[ Update ]
by Roselyn Cleveland
For October's Outreach Weekend a number of projects took place in the East St. Louis community. On October 26&27 over 90 architecture, library and information science, and urban planning, students volunteered and completed several projects involving home rehab, park maintenance and landscaping. Specifically, groups of students constructed benches for a park and various bus stops, cleaned up two city parks, and help do repairs to residences' homes. In addition, landscaping projects from the first Outreach Weekend were completed. The outcome of the weekend was remarkably a success and ESLARP would like to thank all of October's participants for their wonderful work and support. We look forward to seeing you in the spring!
by Roselyn Cleveland
On Monday October 28, a local organization called Neighbors United for Progress held an Environmental Awareness Fair at a community elementary school in order to inform residence about hazards that may exist in their homes or in areas around their homes. Primarily, the organization emphasized that free lead-poision testing for school-aged children would be conducted at the fair by local health care groups. In preparation for this event Outreach Weekend volunteers asssisted Neighbors United for Progress in distributing information to residences of the South End community in East St. Louis. In addition, these volunteers helped in decorating and setting-up the fair site as well as assist in preparing information to be distributed.
by Deanna Koenigs
Carle and Lillie Prude acquired two vacant lots on either side of their house and is transforming them in to Mini Parks for use by children in the neighborhood. On one side they have planted trees and shrubs and we were to copy that on the other side. We also added mums and tulip and daffodil bulbs. They plan on adding play structures to one of the parks and fencing them in to keep the children safe. We also started building benches to be placed around the parks. The volunteers in my group had a good time and were glad to be working with the Prude's who are very appreciative of our work. [Thank you note from Lillie Prude]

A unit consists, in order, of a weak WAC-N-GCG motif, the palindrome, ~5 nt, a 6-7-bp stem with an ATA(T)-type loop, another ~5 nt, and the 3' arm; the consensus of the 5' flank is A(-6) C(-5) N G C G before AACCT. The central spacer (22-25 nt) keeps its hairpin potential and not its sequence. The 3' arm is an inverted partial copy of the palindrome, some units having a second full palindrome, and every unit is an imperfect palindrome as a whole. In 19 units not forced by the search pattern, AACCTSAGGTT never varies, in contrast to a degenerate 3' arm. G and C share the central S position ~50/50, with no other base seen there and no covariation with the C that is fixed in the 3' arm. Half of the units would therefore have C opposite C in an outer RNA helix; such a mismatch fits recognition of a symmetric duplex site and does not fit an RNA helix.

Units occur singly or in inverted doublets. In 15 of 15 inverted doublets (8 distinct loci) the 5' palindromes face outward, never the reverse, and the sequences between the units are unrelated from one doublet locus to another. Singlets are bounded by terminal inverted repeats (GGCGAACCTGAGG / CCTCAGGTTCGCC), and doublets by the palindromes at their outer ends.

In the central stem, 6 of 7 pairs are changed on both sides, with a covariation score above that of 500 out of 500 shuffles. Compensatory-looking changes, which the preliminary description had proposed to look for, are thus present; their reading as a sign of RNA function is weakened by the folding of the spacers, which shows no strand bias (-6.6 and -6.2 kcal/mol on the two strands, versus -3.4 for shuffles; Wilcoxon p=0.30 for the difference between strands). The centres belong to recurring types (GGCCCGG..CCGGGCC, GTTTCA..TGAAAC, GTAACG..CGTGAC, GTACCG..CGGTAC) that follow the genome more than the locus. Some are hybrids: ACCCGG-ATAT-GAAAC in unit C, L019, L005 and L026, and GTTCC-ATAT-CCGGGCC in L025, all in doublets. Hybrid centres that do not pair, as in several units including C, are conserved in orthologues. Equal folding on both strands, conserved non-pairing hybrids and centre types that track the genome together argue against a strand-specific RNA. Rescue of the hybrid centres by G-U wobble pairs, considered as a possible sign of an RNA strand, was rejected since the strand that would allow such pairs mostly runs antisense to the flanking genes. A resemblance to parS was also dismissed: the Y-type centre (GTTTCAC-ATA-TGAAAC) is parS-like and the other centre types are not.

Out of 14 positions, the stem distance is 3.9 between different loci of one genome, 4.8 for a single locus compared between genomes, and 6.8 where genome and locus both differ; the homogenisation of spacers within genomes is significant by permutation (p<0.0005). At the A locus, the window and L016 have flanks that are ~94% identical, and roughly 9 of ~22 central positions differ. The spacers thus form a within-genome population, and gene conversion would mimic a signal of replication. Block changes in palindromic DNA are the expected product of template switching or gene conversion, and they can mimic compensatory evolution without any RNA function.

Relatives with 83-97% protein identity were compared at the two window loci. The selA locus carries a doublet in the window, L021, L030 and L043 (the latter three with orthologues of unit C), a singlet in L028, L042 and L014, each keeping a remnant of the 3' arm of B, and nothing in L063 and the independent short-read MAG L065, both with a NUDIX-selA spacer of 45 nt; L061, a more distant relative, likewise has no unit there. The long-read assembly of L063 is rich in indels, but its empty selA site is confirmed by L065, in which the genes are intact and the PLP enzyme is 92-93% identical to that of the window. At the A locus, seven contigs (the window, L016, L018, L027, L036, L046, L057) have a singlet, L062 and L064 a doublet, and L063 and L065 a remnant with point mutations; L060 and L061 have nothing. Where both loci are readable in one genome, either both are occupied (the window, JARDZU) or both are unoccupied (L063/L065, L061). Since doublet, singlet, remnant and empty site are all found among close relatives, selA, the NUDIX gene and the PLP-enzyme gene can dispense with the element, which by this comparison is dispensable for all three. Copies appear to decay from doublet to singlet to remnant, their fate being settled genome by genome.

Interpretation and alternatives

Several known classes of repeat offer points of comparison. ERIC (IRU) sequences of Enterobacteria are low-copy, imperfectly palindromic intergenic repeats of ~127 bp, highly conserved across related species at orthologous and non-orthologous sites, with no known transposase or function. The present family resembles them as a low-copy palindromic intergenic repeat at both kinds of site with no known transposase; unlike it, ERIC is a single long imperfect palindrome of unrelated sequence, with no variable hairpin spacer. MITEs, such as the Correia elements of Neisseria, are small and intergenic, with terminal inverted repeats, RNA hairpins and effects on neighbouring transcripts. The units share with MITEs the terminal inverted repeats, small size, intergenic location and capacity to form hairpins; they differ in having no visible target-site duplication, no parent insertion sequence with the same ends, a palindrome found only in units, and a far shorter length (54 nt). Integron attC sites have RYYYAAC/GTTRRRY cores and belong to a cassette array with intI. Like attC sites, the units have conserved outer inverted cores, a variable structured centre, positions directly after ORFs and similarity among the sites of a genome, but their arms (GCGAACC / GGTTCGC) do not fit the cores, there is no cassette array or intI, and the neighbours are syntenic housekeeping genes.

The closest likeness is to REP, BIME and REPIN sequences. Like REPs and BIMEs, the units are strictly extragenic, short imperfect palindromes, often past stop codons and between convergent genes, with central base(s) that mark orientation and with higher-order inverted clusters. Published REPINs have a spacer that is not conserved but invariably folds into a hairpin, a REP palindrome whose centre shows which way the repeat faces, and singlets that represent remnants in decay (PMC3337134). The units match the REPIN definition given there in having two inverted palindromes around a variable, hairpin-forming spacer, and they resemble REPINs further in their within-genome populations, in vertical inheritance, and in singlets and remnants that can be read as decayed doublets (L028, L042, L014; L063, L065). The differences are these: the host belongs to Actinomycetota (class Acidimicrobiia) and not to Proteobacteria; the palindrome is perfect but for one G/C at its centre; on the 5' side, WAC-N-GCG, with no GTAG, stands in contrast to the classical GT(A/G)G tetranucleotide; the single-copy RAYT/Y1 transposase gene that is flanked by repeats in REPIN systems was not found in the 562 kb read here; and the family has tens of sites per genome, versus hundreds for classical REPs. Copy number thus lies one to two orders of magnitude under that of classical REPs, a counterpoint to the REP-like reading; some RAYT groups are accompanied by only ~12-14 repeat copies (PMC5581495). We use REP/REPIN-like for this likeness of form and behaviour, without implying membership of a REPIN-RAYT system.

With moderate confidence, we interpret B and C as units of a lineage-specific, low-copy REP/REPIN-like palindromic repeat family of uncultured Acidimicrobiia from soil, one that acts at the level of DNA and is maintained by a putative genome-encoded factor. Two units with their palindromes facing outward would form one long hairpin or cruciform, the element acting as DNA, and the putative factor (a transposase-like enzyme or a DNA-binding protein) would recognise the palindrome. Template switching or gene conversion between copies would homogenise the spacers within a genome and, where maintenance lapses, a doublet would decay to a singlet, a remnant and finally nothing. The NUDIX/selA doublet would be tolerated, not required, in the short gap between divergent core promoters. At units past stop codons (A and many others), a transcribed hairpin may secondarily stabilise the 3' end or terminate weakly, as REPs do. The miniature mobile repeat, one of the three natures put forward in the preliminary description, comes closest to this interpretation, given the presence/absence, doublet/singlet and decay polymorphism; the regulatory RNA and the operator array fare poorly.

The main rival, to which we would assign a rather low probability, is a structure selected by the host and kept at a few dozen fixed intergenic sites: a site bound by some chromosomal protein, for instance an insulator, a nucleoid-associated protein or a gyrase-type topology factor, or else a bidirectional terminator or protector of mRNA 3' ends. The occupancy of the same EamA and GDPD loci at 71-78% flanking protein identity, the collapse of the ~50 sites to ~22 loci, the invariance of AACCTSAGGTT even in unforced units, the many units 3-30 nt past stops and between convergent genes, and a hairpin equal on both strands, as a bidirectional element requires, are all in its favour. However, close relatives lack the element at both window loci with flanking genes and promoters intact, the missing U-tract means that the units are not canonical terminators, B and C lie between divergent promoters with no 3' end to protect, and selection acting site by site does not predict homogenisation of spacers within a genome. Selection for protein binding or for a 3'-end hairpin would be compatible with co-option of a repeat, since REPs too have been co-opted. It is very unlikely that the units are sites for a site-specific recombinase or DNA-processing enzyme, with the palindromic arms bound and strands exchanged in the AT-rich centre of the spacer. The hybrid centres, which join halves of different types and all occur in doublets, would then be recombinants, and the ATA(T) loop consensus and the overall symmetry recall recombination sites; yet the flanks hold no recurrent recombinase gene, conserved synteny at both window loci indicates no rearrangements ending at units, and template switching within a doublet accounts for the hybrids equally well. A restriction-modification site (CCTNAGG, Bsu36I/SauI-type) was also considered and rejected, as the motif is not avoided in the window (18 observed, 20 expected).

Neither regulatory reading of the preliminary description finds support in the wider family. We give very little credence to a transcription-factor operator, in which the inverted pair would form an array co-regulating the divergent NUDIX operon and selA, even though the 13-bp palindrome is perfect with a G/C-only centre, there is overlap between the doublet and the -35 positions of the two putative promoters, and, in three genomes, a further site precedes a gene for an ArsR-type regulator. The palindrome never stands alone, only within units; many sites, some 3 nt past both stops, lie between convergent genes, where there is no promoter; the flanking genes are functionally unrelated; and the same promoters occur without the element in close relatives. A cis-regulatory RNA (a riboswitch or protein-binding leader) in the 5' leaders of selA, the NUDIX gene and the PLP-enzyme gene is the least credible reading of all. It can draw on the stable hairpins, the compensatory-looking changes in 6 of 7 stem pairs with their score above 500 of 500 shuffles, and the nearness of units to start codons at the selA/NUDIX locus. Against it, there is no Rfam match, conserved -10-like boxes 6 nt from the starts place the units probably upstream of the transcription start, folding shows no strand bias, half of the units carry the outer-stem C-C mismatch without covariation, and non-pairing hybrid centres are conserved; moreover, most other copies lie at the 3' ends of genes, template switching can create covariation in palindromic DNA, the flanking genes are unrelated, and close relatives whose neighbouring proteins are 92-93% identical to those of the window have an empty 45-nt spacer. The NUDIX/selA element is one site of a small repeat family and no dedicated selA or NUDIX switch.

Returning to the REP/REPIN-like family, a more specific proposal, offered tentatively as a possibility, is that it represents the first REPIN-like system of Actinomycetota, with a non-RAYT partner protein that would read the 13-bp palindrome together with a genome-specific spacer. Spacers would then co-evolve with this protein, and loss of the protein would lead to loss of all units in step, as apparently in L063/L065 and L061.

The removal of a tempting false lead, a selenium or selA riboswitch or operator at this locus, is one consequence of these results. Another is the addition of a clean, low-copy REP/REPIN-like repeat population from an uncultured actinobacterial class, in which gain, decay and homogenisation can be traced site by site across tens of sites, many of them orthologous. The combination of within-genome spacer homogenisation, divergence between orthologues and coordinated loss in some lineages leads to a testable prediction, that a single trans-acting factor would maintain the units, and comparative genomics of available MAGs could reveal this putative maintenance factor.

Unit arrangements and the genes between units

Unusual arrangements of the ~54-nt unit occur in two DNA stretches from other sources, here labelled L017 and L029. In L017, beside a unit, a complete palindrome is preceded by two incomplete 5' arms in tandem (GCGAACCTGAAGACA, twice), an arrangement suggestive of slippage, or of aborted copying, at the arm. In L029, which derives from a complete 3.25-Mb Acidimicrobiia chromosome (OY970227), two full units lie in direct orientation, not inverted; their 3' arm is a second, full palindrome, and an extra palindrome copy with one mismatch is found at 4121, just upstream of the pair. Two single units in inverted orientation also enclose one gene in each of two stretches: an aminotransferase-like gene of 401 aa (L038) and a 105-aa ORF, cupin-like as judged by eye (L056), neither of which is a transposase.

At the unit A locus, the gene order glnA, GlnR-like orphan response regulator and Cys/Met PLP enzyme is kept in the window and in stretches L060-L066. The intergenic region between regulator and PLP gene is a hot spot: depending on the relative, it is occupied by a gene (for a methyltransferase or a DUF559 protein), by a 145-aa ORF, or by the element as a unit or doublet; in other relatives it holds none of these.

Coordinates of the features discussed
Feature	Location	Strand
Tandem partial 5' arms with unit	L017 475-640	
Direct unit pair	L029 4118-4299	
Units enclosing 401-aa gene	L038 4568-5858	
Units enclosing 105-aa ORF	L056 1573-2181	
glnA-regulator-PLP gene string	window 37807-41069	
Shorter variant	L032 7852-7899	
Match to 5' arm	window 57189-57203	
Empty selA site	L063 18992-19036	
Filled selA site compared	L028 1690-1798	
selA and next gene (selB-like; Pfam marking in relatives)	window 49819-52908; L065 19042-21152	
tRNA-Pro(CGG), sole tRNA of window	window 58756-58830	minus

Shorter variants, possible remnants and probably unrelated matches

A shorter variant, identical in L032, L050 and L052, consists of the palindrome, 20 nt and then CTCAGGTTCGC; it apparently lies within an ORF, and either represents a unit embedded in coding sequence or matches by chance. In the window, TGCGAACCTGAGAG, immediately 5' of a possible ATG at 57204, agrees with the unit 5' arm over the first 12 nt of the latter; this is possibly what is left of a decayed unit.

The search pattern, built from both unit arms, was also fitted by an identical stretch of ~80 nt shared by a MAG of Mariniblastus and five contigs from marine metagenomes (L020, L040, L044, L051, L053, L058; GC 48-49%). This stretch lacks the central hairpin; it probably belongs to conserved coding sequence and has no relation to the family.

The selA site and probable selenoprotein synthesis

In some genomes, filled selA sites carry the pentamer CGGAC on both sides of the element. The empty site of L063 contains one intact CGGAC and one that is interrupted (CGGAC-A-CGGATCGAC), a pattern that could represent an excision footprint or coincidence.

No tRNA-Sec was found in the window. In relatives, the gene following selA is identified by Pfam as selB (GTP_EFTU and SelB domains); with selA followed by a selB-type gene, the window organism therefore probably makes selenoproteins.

by Robert I. Selby, AIA
Six UIUC students joined Prof. Robert Selby and Prof. Michael Andrejasich to begin building a ramp at NTAC. Friday was spent laying out the ramp from working drawings. Adjustments were made to dimensions to fit field conditions. Two rose bushes were carefully excavated and transplanted to the garden on the opposite side of the building. A third rose bush was trimmed and tied back to keep it safe from harm. The team carefully placed wooden stakes at 16 column centerline locations for all of the concrete footings for the ramp. All dimensions were thoroughly checked for accuracy.
Saturday the team hand dug 14 post holes using a post hole digger and spades. The holes were 12" in diameter and 30" deep. Two holes at the existing porch were determined to be unnecessary because posts could be anchored to the existing concrete porch foundation. By noon all 14 holes had been dug and half were filled with "Sacrete" mixed with water on site in a wheelbarrow. The team broke for lunch and returned to work. By mid-afternoon all holes were filled with concrete and the team cleaned up the site. The team then went to Lansdowne to help install a wood bench at bus stop on Caseyville Avenue.
Building the superstructure of the ramp is scheduled for the next Outreach Weekend.
by Eric Moberg
by John Repplinger
The GSLIS (Graduate School of Library & Information Science) Networking class participated in ESLARP in two different areas: computer networking and building benches. Our class took four different sites to survey for installing new computer networks. This included documenting each site by taking pictures and measurements and performing interviews.
After accomplishing the site surveying, our group proceeded to built benches. We measured, drilled, and fit several of the benches together by the end of the first day. The goal for the second day was to finish building the rest of the benches and to "plant" as many of them as possible at designated bus stops. At each spot, we dug four deep holes-one for each leg-and placed the bench in the ground. We encountering buried bricks, concrete, wooden posts, inches worth of gravel, asphalt, tree roots, pipelines, and more.
Even though a total of five benches were actually placed in the ground, I felt that our group had made a difference. The highlight of the trip was the support we received from the community. People passing by frequently asked what we were doing. They would smile after seeing a new bus bench on a street corner, and stop to compliment on how nice they looked or the difference we are making within the community. I feel that this was a wonderful experience, as the rest of my group would agree, and that we really did make a difference with one weekend.
by Paul Adams
by Craig Miller
by Eric Hadly-Ives
by Bruce Wicks
We mowed, raked, picked up trash, planted shrubs and trees, spread chips in the play areas, fixed up the sandboxes, and finished the raised flower beds.
by Cory Barringhaus
by Mike Organ
by Cory Barringhaus
by Stacy Harwood
The signage crew planted trees and shrubs around the Lansdowne Steering Committee signs. As part of each landscape design, we incorporated objects found at each site, such as rocks, logs and bricks. The Forest and 46th sign being one of the more challenging sites where the students dug up several very large rocks from a nearby forested lot.
by Yoon Park
Document author(s) : Listed Above
Last modified: 30 October 2001, Deanna Koenigs